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Showing 8 posts in social privacy laws.

Who Owns Your Business’s Social Media Accounts?

Businesses are increasingly relying on social media to establish and grow their products and/or services. While the advantages of using social media are vast (i.e., it is inexpensive, comes with a virtually global audience, and has frequent and immediate contact potential), it does come with risks. Among the dangers is failing to address who owns a social media account. This is very much still an emerging issue in the law, but some existing case law and best practices can provide guidance as to how these ownership cases develop and how they can be avoided. More >

Facebook Friends & Workplace Enemies, cont.

On Monday, I provided details about the Ehling case wherein an employee had made an inappropriate Facebook post and, unbeknownst to her, had that Facebook post sent to her manager by a Facebook “friend” and coworker. More >

Facebook Friends & Workplace Enemies

Inappropriate Facebook posts, pictures and the like have led to many firings in recent years. A large number of employees have become smarter on social media and made a concerted effort to not “friend” a manager or boss. They think that they are keeping their online persona and work reputation separate…but is that really possible when dealing with the Internet? More >

McBrayer Attorneys' 2013 KYSHRM Conference Presentation

On September 25th, Amy D. Cubbage and Cynthia L. Effinger spoke at the 29th Annual Kentucky SHRM Conference, held in Louisville, KY. Their presentation, "Social Media: Strategy and Implementation. Are you protected?," focused on what companies can do to protect their businesses when issues arise (both internally and externally) with social media. The presentation included informative tips on how to create an legally sound social media policy and some new issues that employers and HR managers will soon face in the social media realm. If you missed the presentation, you can check out Amy and Cindy's presentation here and find a copy of their supporting documents here. More >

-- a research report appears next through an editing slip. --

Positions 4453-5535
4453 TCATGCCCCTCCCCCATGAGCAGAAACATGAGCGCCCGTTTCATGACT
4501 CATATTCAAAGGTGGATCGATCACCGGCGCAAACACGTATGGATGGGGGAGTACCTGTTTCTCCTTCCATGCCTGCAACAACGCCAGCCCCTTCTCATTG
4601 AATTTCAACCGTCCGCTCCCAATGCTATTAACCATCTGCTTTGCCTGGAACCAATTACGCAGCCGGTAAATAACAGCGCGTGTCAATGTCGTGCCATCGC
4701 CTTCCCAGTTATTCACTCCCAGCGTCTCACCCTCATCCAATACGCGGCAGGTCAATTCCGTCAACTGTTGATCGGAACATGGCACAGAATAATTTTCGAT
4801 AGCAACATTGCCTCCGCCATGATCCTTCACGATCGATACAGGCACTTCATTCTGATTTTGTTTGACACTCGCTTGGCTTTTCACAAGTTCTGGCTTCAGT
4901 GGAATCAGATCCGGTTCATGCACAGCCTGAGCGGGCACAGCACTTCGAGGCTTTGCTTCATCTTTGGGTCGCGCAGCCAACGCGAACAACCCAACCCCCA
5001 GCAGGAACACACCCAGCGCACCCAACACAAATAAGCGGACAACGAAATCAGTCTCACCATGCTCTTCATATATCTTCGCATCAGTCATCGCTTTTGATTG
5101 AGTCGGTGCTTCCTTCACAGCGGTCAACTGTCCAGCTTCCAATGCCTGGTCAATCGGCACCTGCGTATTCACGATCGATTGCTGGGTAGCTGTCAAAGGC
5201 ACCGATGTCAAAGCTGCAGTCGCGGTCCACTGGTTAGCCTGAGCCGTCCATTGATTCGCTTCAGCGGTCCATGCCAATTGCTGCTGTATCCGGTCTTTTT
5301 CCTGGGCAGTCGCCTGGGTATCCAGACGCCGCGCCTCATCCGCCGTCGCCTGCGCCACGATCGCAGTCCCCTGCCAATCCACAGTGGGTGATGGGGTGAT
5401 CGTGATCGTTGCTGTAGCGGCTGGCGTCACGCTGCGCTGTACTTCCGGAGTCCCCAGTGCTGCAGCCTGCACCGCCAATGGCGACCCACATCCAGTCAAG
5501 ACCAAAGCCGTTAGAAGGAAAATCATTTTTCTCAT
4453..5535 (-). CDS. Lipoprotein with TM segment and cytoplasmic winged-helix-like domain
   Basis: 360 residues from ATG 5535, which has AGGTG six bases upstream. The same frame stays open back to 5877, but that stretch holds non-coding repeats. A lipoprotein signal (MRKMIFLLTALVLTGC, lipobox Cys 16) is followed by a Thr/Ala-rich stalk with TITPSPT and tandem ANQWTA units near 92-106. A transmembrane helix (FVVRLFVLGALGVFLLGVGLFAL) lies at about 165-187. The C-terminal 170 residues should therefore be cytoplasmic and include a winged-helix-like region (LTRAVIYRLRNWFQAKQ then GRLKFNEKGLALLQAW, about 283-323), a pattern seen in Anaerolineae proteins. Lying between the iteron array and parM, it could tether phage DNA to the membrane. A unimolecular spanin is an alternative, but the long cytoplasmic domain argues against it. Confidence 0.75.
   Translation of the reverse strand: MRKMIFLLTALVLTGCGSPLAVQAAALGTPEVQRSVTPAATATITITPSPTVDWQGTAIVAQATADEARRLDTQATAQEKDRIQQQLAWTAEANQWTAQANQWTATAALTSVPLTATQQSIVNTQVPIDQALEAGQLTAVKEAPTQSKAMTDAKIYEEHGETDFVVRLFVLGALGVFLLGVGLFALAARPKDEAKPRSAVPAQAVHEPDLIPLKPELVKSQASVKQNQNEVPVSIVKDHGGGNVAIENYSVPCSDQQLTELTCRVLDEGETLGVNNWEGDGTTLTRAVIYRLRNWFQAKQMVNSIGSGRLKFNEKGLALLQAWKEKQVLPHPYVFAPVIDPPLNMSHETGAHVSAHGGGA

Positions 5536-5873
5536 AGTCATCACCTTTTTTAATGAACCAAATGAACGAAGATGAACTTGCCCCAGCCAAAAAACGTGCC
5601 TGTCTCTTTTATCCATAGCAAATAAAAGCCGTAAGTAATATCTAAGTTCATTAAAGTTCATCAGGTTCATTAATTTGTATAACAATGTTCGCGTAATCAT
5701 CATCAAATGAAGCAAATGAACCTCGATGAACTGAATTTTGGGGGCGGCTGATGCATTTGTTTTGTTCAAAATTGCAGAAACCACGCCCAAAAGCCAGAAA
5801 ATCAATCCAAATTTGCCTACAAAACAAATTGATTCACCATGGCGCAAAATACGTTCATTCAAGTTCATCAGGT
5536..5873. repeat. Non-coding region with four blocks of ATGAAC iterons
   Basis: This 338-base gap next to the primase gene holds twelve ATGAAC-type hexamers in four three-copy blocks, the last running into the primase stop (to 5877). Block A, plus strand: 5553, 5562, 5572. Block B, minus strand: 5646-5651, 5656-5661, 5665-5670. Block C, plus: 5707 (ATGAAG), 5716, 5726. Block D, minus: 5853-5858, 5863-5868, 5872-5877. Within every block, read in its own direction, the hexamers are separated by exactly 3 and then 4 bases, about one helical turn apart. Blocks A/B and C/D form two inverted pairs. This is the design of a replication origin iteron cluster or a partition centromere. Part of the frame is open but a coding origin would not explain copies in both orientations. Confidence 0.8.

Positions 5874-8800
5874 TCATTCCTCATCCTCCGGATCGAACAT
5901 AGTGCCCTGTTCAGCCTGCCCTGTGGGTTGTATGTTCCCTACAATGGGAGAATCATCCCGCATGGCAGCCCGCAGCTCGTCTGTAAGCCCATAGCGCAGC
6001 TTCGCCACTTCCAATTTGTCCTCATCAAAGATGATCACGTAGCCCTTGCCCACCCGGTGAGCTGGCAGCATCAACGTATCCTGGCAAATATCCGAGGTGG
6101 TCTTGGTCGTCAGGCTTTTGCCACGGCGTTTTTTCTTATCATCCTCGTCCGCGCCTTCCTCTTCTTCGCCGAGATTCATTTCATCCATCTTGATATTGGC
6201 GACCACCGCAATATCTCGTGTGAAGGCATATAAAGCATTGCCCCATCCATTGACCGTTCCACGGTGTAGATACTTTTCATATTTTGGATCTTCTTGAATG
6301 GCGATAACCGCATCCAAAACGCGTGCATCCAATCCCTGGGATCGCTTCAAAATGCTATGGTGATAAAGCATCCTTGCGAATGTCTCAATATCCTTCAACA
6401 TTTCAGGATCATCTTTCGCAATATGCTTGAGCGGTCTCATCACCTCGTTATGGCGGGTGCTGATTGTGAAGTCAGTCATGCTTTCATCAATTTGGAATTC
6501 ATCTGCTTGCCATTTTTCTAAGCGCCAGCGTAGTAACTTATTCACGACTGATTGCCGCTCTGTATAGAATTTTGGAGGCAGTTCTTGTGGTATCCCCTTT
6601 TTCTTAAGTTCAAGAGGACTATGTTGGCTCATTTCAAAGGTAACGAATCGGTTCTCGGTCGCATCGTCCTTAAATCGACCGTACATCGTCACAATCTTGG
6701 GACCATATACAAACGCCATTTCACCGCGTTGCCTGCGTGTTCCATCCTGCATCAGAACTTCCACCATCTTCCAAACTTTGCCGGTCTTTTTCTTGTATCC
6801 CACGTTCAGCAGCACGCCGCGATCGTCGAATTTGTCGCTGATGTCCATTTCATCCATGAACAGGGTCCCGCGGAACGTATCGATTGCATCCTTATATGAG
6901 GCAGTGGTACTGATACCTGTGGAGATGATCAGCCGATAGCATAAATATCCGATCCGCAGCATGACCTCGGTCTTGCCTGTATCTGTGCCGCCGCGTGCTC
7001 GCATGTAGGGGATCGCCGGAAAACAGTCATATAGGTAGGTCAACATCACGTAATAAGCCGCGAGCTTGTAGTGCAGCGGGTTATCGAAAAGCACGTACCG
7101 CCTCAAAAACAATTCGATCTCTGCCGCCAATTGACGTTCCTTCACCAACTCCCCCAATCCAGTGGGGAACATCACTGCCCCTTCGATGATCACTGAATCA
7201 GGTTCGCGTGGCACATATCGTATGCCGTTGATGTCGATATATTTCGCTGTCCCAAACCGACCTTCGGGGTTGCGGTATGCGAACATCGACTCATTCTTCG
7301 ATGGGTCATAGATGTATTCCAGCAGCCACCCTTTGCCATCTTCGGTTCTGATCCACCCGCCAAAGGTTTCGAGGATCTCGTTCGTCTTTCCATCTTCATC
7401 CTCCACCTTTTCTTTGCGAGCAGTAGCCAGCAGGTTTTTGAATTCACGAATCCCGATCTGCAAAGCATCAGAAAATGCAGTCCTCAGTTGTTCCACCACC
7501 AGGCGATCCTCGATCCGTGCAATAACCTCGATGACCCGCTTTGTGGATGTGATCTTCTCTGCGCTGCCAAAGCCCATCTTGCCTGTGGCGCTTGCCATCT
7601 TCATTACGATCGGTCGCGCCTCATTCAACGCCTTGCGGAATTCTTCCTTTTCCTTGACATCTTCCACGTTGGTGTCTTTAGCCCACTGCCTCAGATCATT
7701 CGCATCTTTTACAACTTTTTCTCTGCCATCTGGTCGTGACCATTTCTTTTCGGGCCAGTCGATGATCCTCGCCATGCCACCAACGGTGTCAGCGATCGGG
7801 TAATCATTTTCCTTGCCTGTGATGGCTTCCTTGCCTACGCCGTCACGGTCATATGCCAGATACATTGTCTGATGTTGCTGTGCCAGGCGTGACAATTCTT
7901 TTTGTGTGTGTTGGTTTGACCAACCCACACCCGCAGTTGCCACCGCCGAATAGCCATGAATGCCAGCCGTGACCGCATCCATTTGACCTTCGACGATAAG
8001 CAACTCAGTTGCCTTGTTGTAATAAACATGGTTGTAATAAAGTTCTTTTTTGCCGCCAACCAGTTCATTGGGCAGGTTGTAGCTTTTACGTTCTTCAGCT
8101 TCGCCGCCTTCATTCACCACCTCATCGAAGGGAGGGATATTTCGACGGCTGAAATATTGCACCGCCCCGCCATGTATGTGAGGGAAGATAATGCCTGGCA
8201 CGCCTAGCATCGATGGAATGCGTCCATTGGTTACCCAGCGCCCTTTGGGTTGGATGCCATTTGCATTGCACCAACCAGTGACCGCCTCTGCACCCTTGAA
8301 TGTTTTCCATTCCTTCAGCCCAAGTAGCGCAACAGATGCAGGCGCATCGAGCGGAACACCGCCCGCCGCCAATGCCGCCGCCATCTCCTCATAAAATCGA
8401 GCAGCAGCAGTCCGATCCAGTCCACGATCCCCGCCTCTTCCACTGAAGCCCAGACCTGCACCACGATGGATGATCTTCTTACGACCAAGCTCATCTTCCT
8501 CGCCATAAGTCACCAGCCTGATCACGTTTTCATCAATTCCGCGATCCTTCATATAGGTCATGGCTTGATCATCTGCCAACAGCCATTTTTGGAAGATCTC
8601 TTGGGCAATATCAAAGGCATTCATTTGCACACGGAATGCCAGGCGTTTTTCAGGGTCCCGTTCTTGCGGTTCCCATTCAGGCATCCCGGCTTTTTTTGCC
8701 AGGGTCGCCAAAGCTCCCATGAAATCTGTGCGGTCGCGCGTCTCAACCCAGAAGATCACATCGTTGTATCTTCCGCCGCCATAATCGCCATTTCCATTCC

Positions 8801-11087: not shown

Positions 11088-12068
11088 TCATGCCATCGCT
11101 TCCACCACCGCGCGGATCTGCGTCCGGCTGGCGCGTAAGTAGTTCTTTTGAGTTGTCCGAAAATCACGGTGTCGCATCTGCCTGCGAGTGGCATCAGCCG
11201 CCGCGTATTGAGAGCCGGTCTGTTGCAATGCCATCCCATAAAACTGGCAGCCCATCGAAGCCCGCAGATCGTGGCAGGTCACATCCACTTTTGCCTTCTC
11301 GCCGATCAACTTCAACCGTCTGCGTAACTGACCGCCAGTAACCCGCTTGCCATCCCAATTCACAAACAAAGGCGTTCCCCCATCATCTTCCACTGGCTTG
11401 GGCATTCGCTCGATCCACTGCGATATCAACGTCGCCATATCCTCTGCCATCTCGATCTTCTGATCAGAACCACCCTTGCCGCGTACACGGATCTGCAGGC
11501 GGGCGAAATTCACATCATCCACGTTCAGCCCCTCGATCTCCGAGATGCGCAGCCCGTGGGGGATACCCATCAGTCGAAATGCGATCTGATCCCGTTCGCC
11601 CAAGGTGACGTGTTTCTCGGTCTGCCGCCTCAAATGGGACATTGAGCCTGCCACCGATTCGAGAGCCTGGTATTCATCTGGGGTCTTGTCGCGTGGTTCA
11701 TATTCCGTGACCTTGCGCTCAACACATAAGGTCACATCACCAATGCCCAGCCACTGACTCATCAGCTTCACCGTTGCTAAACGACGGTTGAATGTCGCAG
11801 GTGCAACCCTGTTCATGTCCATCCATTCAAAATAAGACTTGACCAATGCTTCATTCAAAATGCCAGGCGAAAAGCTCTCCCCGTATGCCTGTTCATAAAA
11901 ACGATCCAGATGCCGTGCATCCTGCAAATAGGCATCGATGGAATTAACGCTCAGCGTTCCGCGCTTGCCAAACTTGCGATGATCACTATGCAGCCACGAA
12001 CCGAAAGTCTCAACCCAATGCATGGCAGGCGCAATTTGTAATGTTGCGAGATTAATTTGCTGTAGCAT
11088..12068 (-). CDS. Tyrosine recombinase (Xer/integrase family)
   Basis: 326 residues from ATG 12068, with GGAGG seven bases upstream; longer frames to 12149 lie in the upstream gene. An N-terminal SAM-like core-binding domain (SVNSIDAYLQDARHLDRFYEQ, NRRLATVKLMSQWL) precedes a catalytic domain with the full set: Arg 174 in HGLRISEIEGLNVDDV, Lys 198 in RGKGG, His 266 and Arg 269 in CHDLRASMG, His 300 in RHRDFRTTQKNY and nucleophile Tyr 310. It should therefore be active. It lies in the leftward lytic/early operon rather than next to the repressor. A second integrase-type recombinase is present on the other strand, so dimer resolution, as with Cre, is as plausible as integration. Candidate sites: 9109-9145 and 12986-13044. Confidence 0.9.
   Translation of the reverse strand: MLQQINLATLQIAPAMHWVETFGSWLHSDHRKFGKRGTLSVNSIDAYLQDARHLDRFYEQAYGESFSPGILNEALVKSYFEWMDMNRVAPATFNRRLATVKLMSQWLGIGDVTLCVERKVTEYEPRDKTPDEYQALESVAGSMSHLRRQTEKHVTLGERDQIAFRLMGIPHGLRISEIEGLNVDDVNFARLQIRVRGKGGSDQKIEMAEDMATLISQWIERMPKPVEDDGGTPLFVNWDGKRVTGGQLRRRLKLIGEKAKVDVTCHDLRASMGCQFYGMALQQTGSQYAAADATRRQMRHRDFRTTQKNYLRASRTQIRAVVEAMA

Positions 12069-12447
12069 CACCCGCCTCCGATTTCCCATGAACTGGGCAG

Social Media & Emerging Employer Issues: Are You Protected?

On June 13, Business First and McBrayer sponsored their second Social Media Seminar. The seminar’s precedent, Social Media: Strategy and Implementation, was offered in 2012 and was hugely successful. This year’s proved to be no different. Presented by Amy D. Cubbage and Cynthia L. Effinger, the seminar focused on emerging social media issues for employers. If you missed it, you missed out! But don’t worry, a seminar recap is below and you can find a copy of the PowerPoint slides by clicking here.  More >

Can Having Employees Pose for the Camera Pose Problems for You?

Employers have a variety of reasons for using employee photos, including: More >

Internet Defamation—What Can You Do When You Are the Target?

We’ve all seen them.  Anonymous spewing hate-filled, defamatory statements on Facebook and Twitter, as well as in the comment pages of news stories on both local and national news.  The commenters have a certain entertainment value, until you or your business are in their sights.  So what do you do?  The answer is not always so simple, especially when you don’t even know who is speaking. More >

Efforts to Restrict Employer Access to Social Media Passwords Pick Up Steam

Legislative efforts to prohibit employers and educational institutions from demanding social media passwords from applicants and employees picked up steam as California became the third state to pass such a law on Thursday, September 27, 2012.  California joins Maryland and Illinois as states making this prohibition law, though none of the statutes have yet to go into effect. More >

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